By Max Wright, IMT Edinburgh
A century ago, on 6th February 1918, the historic Representation of the People Act was passed. Importantly, the 1918 Act allowed 8.4 million women and 5.6 million men in Britain to vote for the very first time. As Marxists, it is important to examine the victories – and shortcomings – of one of the first steps towards universal suffrage.
The Act reflected pressure from different quarters. On the one hand, from millions of young soldiers, aged 18-21, who were fighting for a government they had no suffrage in. And also from the iconic efforts of the Suffragette movement, demanding votes for women.
The Suffragettes began as a middle class movement. But working class women convinced the wider labour movement to support the campaign for the right of women to vote. These activists stressed that the right to vote was a key weapon in the fight for women’s social emancipation. Selina Cooper, a leading suffragist and trade unionist, said:
“[Women] do not want their political power to enable them to boast that they are on equal terms with the men. They want to use it for the same purpose as men – to get better conditions. Every woman in England is longing for her political freedom to make the lot of the worker pleasanter and to bring about reforms which are wanted. We do not want it as a mere plaything.”
The wartime coalition passed the Act under huge pressure from below. Social movements were developing across the country, and the inspiration of the Russian Revolution was fresh in people’s minds.
Working class kept out
The Act introduced the right to vote for women over 30 and for men over 21. However, these rights came with certain restrictions that were almost entirely aimed at the working class.
In many ways, the Act was only a “fancy franchise” that reflected the class divisions within society. The Act only allowed women (over 30 years old) to vote if they were either:
- A property owner;
- A member (or married to a member) of the Local Government Register;
- Or a graduate voting in a university constituency.
Granting the right to vote to this layer of women was seen by some in the ruling class as a cynical way of increasing the Conservative vote. European was in the grip of a revolutionary mood. There was massive social discontent at home. Labour was set to emerge after the war as the second strongest political party in Britain, much to the concern of the ruling class.
Between 1919 and 1927, Labour introduced no less than four bills to give voting rights to women over the age of 21 (i.e. the same rights as men). These were all defeated or blocked by the Tories.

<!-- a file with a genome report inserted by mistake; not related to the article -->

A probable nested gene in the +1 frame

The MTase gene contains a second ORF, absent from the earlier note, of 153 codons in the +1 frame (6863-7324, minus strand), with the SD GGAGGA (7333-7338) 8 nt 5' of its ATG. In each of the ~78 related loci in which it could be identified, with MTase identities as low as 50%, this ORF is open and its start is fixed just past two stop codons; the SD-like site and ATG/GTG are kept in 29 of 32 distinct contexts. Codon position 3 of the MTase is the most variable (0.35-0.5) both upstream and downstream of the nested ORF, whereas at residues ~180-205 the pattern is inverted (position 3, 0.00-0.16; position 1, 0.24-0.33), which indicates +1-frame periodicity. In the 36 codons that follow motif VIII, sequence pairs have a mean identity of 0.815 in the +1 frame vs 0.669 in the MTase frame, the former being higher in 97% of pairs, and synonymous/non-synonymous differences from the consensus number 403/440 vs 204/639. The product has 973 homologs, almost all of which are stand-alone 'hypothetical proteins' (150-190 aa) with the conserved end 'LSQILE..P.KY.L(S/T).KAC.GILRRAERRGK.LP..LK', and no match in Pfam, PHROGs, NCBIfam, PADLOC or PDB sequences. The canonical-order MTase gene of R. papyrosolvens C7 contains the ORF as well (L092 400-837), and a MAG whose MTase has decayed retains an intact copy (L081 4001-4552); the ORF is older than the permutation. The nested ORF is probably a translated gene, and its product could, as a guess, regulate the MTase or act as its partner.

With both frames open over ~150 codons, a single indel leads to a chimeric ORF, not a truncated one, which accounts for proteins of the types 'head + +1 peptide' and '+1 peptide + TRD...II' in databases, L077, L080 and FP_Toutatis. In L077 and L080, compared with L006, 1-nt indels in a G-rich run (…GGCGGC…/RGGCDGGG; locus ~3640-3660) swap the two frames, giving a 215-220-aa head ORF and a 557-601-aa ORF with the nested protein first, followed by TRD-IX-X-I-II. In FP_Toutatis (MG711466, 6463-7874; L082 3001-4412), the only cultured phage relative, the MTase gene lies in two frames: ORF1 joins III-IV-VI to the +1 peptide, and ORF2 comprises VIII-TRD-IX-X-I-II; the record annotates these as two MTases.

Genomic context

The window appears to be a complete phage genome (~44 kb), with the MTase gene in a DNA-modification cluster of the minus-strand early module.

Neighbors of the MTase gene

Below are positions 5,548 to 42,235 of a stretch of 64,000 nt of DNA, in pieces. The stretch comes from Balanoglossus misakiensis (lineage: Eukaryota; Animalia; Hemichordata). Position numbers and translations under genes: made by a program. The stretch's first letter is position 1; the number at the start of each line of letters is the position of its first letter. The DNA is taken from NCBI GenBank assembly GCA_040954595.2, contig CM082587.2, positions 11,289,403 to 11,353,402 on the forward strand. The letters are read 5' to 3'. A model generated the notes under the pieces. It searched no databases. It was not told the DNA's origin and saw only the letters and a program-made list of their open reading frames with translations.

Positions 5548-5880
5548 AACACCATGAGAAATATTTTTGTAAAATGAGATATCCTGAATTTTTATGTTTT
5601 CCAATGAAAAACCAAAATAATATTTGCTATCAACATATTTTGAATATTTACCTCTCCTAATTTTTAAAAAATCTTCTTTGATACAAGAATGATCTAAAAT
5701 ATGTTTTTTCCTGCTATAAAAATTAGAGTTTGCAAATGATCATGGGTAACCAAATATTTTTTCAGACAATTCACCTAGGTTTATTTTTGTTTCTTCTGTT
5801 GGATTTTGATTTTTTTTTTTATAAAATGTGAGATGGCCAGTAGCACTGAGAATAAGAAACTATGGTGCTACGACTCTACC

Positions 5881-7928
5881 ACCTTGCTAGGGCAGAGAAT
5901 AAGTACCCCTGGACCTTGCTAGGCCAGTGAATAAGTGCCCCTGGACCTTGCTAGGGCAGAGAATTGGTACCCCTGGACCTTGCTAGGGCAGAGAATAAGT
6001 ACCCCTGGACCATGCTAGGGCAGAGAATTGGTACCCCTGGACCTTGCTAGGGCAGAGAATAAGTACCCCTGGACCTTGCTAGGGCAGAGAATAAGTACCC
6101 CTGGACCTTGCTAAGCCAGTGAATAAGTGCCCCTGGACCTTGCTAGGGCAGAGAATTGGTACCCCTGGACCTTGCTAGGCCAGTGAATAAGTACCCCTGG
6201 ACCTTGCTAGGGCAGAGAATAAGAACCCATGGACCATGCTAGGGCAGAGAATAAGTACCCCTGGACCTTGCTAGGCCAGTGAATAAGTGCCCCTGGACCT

When the Tory government finally brought in its own legislation in 1927, 12 Tories voted against and 135 were “missing” from the lobby. The right to vote for all women was not achieved until 1928.
These democratic reforms were a genuine step forward. But even to this day we have not achieved true democracy in any real sense. Instead, democracy is truncated by the massive inequality that exists. A handful of billionaires can dictate to governments, whilst millions remain distant and removed from politics, struggling just to survive.
In reality we have a democracy of the rich – of the establishment who control matters through the machinery of the state and media. We are allowed to choose (every few years) from a small spectrum of people to be elected as councilors, mayors and MP, providing the illusion that we are running society. But all the real decisions are made in the boardrooms of mighty corporations by unelected CEOs and directors.
Genuine democracy for the 99% can only be achieved with a socialist state, where the key levers of the economy are commonly owned under democratic workers’ control. This would allow us to run society democratically for need, rather than for a wealthy elite and their profits.
A century ago, women broke onto the scene of politics by fighting for the right to vote. Despite winning the vote, however, working class women today are enduring conditions just as exploitative as those suffered by women in the 19th century. Now we need to fight together – women and men – for control over our lives and the society we live in. This must be a fight for socialism.
In the words of “Little Miss Russia”, Sylvia Pankhurst, a prominent suffragette and communist:
“I wanted to rouse these women of the submerged masses to be, not merely the argument for more fortunate people, but to be fighters on their own account despising mere platitudes and catch cries, revolting against the hideous conditions about them, and demanding for themselves and their families a full share in the benefits of civilisation and progress.”